Relative to the healthy control group, the bvFTD and svPPA subgroups showed significant (p<0.05) deficits of flavour identification and all three FTLD subgroups showed deficits of odour identification. Flavour identification performance did not differ significantly between the FTLD syndromic subgroups. Flavour identification performance in the combined FTLD cohort was significantly (p<0.05 after multiple comparisons correction) associated with grey matter volume in the left entorhinal cortex, hippocampus, parahippocampal gyrus and temporal pole.
Conclusions
Certain FTLD syndromes are associated with impaired flavour identification and this is underpinned by grey matter atrophy in an anteromedial temporal lobe network. These findings may have implications for our understanding of abnormal eating behaviour in these diseases.
doi:10.1136/jnnp-2012-303853
PMCID: PMC3534254  PMID: 23138765
Cognition; Dementia; Neuropsychology; MRI; Neuroanatomy
8.  (Con)text-specific effects of visual dysfunction on reading in posterior cortical atrophy 
Reading deficits are a common early feature of the degenerative syndrome posterior cortical atrophy (PCA) but are poorly understood even at the single word level. The current study evaluated the reading accuracy and speed of 26 PCA patients, 17 typical Alzheimer's disease (tAD) patients and 14 healthy controls on a corpus of 192 single words in which the following perceptual properties were manipulated systematically: inter-letter spacing, font size, length, font type, case and confusability. PCA reading was significantly less accurate and slower than tAD patients and controls, with performance significantly adversely affected by increased letter spacing, size, length and font (cursive < non-cursive), and characterised by visual errors (69% of all error responses). By contrast, tAD and control accuracy rates were at or near ceiling, letter spacing was the only perceptual factor to influence reading speed in the same direction as controls, and, in contrast to PCA patients, control reading was faster for larger font sizes. The inverse size effect in PCA (less accurate reading of large than small font size print) was associated with lower grey matter volume in the right superior parietal lobule. Reading accuracy was associated with impairments of early visual (especially crowding), visuoperceptual and visuospatial processes. However, these deficits were not causally related to a universal impairment of reading as some patients showed preserved reading for small, unspaced words despite grave visual deficits. Rather, the impact of specific types of visual dysfunction on reading was found to be (con)text specific, being particularly evident for large, spaced, lengthy words. These findings improve the characterisation of dyslexia in PCA, shed light on the causative and associative factors, and provide clear direction for the development of reading aids and strategies to maximise and sustain reading ability in the early stages of disease.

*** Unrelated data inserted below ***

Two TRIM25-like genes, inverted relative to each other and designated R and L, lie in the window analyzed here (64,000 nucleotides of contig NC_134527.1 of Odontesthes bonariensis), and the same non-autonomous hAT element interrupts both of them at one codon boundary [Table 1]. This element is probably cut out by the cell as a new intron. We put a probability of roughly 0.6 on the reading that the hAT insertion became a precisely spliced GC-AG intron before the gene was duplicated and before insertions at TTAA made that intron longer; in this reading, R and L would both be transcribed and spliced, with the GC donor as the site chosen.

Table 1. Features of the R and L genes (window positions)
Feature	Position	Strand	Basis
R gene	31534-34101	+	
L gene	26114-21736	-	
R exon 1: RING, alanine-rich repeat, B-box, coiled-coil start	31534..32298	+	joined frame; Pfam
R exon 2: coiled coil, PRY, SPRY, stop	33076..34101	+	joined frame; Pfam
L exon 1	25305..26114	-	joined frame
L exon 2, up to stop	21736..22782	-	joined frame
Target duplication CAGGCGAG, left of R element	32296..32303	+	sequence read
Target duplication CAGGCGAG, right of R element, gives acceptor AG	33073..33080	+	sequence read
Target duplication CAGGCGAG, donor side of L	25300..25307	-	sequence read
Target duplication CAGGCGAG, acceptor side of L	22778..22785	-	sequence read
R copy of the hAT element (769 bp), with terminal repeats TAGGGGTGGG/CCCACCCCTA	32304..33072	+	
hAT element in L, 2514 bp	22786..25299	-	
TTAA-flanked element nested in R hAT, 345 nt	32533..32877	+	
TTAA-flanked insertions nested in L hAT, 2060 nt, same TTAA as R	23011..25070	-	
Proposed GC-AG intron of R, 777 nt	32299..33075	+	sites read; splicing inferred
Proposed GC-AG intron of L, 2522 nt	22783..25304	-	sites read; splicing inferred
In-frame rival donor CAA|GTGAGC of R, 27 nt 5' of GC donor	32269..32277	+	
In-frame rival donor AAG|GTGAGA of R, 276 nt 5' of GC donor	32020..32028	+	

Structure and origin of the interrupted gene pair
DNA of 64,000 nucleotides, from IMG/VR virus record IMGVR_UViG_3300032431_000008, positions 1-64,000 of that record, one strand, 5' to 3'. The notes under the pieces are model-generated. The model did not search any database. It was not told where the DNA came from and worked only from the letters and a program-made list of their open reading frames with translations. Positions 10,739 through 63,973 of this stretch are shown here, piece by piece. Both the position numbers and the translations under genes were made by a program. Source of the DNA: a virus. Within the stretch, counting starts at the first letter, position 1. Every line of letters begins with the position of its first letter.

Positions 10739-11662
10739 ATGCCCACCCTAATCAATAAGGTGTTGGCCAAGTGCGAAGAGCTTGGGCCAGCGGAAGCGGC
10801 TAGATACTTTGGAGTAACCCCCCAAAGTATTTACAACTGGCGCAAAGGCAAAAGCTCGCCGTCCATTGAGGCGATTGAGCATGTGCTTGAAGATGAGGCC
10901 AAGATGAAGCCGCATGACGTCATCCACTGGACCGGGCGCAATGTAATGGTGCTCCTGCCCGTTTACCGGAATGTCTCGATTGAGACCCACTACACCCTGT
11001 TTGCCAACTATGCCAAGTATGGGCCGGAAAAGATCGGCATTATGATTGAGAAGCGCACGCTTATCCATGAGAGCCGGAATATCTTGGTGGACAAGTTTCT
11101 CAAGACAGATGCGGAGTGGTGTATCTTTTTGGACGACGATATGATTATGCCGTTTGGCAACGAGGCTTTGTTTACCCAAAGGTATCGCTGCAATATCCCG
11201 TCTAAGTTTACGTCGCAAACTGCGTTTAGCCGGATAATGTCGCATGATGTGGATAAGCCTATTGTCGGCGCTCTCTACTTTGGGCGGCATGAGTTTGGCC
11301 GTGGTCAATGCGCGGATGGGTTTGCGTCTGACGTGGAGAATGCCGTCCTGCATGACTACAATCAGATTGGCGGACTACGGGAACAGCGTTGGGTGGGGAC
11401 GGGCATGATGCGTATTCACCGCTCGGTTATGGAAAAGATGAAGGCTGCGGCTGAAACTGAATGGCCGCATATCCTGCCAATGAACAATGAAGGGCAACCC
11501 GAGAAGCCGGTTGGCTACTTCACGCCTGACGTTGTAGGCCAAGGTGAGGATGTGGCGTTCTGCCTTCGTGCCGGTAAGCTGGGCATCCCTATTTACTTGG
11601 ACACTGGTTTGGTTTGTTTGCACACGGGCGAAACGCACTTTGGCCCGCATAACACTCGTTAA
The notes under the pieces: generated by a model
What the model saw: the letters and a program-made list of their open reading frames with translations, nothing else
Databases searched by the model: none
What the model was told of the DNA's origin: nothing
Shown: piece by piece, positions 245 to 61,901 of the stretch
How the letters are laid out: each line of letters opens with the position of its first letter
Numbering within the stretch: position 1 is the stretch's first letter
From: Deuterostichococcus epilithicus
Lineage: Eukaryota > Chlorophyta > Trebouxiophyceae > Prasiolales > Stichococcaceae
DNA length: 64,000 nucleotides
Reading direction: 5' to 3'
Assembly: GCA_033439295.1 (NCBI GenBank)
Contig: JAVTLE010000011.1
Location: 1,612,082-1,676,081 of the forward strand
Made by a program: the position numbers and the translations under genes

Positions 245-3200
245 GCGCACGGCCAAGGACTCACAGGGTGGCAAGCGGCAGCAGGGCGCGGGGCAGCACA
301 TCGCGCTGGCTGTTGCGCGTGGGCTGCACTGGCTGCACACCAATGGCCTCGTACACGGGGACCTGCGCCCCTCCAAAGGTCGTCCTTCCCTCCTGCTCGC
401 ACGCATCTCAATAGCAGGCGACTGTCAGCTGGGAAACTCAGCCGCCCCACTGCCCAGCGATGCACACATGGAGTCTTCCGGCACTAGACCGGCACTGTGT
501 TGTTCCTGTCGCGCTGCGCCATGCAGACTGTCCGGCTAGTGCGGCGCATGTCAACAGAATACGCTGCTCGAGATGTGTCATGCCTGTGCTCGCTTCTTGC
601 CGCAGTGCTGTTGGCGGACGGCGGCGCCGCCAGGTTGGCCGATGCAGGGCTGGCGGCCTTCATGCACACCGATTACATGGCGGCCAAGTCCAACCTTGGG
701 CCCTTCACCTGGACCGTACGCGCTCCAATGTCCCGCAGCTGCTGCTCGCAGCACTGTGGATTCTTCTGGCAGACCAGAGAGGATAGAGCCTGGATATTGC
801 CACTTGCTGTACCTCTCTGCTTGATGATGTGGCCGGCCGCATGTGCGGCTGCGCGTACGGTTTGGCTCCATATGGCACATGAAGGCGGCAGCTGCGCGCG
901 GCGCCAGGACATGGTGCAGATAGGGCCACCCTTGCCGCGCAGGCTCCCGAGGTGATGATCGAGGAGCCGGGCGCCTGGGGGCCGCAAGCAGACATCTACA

doi:10.1016/j.cortex.2014.03.010
PMCID: PMC4194349  PMID: 24841985
Posterior cortical atrophy (PCA); Alzheimer's disease (AD); Acquired dyslexia; Crowding
9.  Music, reward and frontotemporal dementia 
Brain  2014;137(10):e300.
doi:10.1093/brain/awu145
PMCID: PMC4163029  PMID: 24919970
10.  The Presenilin 1 P264L mutation presenting as non-fluent/agrammatic primary progressive aphasia 
Primary progressive aphasia (PPA) represents a diverse group of language-led dementias most often due to frontotemporal lobar degeneration. We report clinical, neuropsychological and neuroimaging data in the case of a 47 year old woman presenting with non-fluent PPA due to a genetically confirmed pathogenic Presenilin 1 P264L mutation. This case highlights an unusual clinical presentation of familial Alzheimer’s disease and a novel presentation of the P264L mutation. The case adds to accumulating evidence that particular mutations can promote specific brain network degeneration, with wider implications for understanding the sporadic forms of Alzheimer’s disease and PPA.
doi:10.3233/JAD-122092
PMCID: PMC4041608  PMID: 23579325
Primary progressive aphasia; familial Alzheimer’s disease; Presenilin 1
11.  Frontotemporal dementia with the C9ORF72 hexanucleotide repeat expansion: clinical, neuroanatomical and neuropathological features 
Brain  2012;135(3):736-750.